Quantrill's Guerrilla's sacking Lawrence KS in response to General Order 11

Were such an edict issued by the Czar of Russia, towards any part of Poland, it would stamp him with infamy before the civilized world. Such, we believe, will be the verdict of history in regard to this order. Lexington Weekly Union (Mo.), 5 September 1863.

AT approximately five o’clock the morning of 21 August 1863, guerrilla leader William Clarke Quantrill and 450 men attacked the sleeping town of Lawrence, Kansas. After gaining control of the town, the guerrillas began their grisly task of looting, murder, and arson. Quantrill had ordered his men to kill every man big enough to carry a gun, and his orders were obeyed. Within four hours the guerrillas had killed approximately 150 unarmed men and had left 80 widows and 250 orphans. Most of the stores and banks of Lawrence had been robbed; 185 buildings, including one-fourth of the town’s private residences, had been destroyed.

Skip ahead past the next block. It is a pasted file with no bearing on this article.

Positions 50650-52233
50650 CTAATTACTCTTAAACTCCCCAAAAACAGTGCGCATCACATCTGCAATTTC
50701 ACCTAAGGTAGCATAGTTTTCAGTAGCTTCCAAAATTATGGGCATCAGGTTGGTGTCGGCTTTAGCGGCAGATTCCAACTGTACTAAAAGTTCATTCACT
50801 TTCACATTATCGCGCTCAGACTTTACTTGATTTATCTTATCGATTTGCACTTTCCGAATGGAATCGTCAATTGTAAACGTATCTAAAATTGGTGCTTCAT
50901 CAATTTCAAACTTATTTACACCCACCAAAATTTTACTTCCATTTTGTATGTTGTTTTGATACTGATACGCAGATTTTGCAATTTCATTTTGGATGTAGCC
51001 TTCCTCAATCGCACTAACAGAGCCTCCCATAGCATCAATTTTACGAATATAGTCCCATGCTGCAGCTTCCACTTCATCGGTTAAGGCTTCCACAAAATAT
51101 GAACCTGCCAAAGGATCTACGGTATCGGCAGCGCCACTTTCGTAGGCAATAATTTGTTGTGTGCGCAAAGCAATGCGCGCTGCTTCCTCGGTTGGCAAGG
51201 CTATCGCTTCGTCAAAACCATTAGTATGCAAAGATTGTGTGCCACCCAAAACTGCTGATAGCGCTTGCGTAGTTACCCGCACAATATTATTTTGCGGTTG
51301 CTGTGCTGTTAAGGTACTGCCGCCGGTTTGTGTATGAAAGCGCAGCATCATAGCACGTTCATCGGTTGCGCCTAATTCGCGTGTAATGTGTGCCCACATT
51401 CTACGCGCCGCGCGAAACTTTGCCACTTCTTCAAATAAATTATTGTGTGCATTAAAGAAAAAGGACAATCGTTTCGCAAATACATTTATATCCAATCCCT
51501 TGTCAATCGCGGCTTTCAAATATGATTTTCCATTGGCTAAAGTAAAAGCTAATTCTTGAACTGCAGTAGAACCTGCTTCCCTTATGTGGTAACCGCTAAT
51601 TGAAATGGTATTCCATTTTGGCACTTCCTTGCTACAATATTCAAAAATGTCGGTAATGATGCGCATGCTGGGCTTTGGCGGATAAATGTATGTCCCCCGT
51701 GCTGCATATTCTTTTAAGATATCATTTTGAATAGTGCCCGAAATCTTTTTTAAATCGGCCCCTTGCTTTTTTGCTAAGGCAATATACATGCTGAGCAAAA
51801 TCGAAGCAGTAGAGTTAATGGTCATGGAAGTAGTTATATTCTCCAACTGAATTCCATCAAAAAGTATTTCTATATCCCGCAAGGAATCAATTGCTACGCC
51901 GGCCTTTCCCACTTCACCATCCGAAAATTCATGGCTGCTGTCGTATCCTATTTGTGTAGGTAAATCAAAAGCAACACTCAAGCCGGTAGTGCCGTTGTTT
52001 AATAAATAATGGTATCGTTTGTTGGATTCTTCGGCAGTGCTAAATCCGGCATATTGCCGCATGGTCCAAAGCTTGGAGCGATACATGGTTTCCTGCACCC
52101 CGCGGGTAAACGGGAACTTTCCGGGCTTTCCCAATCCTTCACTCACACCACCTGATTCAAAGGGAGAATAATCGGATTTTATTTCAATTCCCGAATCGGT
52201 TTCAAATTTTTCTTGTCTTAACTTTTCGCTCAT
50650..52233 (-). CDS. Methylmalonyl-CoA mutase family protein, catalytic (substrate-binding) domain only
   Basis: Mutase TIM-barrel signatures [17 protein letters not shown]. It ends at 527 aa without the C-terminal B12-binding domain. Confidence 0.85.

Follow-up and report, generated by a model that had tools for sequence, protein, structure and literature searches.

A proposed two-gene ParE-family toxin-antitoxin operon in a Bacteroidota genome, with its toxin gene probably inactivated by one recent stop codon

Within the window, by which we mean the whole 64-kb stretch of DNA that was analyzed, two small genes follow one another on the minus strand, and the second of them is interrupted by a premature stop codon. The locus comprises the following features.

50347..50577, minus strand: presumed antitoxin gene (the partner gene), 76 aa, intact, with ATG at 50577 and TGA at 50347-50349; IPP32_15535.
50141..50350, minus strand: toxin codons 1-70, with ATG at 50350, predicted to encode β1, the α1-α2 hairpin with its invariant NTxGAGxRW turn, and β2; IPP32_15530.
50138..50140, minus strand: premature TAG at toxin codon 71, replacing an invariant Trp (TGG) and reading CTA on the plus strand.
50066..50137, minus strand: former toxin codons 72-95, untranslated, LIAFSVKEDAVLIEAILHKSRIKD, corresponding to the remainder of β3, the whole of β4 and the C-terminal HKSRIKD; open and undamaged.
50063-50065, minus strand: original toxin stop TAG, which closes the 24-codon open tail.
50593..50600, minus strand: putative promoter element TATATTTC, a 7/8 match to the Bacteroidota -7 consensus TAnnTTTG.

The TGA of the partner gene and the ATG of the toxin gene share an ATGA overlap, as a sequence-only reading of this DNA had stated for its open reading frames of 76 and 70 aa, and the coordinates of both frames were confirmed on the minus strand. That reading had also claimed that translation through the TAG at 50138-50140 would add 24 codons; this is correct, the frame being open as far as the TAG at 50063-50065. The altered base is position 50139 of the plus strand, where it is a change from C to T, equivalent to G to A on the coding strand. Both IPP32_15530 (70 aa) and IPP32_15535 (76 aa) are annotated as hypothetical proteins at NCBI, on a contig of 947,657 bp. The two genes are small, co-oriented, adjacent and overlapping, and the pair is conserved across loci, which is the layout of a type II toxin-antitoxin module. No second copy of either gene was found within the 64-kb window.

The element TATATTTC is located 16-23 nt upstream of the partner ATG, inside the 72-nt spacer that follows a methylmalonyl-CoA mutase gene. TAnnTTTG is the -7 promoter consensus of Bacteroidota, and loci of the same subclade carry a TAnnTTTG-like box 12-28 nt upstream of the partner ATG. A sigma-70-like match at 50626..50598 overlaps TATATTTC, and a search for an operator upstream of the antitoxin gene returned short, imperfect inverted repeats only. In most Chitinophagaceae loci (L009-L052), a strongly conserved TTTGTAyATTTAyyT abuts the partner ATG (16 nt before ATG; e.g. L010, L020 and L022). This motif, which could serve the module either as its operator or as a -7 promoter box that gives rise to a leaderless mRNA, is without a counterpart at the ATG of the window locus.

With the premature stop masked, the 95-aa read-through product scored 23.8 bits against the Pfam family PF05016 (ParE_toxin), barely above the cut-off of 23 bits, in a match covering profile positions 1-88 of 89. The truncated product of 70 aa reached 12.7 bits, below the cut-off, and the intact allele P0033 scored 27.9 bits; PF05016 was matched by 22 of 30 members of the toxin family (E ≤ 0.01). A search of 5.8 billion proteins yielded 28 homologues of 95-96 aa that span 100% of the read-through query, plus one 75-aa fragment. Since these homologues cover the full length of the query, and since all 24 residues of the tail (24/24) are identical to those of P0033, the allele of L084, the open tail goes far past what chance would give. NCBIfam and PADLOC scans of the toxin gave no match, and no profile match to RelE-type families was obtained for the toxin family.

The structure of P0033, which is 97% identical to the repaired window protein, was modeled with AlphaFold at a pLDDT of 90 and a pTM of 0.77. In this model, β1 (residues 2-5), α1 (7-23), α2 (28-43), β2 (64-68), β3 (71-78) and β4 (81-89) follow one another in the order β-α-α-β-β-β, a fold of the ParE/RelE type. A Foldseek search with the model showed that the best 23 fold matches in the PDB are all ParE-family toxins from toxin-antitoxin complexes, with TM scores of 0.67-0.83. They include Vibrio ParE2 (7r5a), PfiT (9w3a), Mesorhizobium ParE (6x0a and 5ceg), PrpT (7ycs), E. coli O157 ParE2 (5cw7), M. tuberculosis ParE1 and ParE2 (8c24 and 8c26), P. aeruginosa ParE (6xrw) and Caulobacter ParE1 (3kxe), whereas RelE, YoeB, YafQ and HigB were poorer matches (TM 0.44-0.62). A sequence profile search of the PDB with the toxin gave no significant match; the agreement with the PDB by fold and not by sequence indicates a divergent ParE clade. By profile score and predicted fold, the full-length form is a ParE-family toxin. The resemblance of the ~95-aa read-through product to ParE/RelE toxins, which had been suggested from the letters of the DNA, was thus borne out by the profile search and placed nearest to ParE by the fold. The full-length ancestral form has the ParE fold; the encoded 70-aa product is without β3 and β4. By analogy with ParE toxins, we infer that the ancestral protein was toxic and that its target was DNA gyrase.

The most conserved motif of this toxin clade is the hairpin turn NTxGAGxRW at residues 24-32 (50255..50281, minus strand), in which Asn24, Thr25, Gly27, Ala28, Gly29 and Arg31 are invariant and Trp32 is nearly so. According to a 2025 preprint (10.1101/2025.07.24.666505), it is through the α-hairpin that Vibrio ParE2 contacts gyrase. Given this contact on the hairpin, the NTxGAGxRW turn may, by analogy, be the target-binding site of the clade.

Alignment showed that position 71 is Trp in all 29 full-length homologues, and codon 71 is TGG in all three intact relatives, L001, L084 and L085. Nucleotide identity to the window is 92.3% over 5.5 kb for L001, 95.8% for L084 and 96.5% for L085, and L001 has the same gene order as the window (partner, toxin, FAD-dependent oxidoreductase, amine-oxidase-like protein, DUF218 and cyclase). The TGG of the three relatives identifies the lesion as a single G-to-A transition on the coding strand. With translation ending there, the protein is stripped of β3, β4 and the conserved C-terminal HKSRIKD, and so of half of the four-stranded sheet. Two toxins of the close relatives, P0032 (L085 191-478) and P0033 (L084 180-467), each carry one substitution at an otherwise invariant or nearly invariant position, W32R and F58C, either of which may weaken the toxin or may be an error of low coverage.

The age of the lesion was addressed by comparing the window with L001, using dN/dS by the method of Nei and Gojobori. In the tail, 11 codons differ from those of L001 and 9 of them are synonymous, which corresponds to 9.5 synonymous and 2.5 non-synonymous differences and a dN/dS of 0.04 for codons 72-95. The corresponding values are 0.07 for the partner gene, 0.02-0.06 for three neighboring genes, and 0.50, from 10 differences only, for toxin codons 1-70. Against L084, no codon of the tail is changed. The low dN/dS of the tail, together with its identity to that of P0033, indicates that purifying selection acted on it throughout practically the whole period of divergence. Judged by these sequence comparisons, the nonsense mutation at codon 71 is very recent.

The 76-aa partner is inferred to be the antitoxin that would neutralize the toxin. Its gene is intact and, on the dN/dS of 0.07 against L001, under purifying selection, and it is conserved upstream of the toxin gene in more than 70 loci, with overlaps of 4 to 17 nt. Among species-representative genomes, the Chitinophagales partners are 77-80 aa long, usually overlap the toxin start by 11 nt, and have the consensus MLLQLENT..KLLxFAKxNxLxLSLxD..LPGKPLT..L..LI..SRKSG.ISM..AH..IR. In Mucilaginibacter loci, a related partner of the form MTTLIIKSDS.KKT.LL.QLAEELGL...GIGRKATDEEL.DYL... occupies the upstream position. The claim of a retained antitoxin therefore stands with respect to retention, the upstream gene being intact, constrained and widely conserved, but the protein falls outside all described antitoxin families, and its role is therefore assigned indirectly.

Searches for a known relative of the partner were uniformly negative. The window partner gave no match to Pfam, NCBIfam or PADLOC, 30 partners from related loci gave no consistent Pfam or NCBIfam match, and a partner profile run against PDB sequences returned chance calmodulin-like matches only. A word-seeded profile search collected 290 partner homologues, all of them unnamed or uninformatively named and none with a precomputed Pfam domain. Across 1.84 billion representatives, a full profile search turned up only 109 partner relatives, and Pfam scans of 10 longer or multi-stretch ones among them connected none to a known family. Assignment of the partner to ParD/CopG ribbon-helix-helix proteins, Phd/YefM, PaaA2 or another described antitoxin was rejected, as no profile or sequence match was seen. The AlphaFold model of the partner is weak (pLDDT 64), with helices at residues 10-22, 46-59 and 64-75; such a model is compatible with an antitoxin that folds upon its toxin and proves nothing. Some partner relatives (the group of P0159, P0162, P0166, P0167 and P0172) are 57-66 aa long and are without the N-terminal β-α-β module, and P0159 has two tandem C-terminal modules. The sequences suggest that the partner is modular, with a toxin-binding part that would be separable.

CSA Generals Sterling Price and Benjamin McCulloch

After the victory at Wilson’s Creek in August of 1861, southern forces in Missouri under the command of Missouri Militia General Sterling Price and Confederate Brigadier General Benjamin McCulloch found a new sense of purpose in Missouri. Southern sympathizing Missourians found a renewed spirit and hope for their cause in Missouri. This lead to the Militia making it’s way northward through Missouri and ended in the town of Lexington along the Missouri River. “The Battle of the Hemp Bales” as it was also called was a temporary victory for Price and his Militia, however General McCulloch opted to not follow his southern sympathizing bretheren and held to the soutwestern portion of Missouri. By November, McCulloch had secured that portion of the state. In a dispatch to Confederate General Samuel Cooper, the rift between McCulloch and Price was ever apparent: